In recent weeks, one prominent concern has been the impact a Brexit “no deal” scenario could have on imports, particularly for the food and manufacturing industries. With the government’s preliminary deal yet to be approved by Parliament, and the date of departure just a few months away, businesses are finding that it is necessary to stockpile goods and resources, just in case things do not go to plan. For this, they need a huge amount of storage space – and both businesses and storage providers are frantically scrabbling to deliver.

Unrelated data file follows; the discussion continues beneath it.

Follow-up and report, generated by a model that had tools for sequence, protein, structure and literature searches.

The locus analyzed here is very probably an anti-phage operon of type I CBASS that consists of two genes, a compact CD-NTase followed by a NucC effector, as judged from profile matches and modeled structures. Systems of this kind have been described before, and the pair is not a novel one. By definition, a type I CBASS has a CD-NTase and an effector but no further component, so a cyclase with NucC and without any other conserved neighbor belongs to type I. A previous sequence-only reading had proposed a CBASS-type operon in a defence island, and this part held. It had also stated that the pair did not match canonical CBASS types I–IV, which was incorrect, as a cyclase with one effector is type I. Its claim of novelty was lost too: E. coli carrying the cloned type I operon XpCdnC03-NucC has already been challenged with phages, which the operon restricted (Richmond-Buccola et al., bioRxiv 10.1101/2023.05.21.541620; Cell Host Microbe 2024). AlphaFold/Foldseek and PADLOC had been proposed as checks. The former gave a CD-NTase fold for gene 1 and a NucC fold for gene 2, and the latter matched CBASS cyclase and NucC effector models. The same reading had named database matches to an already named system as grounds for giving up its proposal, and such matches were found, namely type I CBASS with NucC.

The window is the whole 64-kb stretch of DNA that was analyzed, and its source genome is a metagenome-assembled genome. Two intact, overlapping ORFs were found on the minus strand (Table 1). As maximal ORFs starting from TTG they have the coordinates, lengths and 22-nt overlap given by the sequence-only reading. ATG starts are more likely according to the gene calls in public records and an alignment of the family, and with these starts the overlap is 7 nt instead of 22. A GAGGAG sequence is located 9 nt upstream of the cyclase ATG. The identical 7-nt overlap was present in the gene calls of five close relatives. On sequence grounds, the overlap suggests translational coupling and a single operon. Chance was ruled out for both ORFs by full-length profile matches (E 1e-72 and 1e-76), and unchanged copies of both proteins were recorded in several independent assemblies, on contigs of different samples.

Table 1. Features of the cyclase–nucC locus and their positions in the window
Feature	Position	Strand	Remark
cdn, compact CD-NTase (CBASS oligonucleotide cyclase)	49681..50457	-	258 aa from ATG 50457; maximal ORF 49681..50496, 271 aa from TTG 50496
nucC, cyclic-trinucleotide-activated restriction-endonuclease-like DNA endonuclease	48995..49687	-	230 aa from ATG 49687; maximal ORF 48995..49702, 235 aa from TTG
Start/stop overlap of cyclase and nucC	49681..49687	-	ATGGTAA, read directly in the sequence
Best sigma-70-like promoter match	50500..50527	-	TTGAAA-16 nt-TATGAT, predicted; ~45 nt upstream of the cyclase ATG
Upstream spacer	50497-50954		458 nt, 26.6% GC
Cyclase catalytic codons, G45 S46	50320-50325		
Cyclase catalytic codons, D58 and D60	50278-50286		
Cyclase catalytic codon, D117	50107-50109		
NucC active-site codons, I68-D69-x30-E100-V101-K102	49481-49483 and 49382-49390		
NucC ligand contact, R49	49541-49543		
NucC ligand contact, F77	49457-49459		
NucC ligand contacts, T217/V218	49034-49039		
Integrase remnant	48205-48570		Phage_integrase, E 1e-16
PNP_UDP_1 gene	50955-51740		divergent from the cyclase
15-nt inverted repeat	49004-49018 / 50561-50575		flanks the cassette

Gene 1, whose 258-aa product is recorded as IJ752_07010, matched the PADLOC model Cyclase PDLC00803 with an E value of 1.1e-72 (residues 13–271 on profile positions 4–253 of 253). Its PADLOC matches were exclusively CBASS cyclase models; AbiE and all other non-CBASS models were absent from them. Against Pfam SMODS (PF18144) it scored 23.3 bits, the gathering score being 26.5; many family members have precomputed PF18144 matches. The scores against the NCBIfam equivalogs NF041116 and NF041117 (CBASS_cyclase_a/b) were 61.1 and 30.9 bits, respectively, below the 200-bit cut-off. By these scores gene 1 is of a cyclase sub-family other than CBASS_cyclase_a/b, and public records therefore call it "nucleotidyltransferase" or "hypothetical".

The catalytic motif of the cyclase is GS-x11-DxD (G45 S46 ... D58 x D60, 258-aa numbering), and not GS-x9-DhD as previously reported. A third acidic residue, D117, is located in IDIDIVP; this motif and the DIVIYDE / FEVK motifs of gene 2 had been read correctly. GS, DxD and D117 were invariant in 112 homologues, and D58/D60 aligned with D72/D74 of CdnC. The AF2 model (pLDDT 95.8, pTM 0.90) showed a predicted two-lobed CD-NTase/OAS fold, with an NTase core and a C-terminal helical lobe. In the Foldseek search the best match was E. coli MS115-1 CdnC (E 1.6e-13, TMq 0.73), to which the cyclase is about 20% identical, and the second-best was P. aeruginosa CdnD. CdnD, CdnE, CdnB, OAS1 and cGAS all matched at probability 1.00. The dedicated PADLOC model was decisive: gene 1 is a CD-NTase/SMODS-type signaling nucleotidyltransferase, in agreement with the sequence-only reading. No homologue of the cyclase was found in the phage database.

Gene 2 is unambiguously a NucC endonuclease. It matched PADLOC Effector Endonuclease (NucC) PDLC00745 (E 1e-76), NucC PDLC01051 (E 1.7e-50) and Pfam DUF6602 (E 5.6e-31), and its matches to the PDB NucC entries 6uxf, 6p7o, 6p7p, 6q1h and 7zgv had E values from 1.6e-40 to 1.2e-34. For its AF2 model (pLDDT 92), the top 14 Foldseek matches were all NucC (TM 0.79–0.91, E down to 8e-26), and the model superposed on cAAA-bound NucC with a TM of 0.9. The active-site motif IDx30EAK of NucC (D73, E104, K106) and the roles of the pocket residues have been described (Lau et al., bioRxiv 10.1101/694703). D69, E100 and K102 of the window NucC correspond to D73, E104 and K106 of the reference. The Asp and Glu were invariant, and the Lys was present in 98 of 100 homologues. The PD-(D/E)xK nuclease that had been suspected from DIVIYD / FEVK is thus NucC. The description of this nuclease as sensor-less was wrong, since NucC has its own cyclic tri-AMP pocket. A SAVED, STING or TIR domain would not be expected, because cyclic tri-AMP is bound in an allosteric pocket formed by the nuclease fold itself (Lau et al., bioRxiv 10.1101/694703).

The prospect of there being no customs arrangements when the UK leaves the Union in March is a worrying one, as it means UK ports would have to default to World Trade Organisation (WTO) rules and tariffs.
Not only are these far more expensive for businesses looking to import (on top of the falling value of the pound), but they are also more complicated than present rules, and require far more paperwork. This sudden influx of new processes and administrative work would inevitably lead to substantial delays and increased costs, which would create product shortages and immense uncertainty for businesses.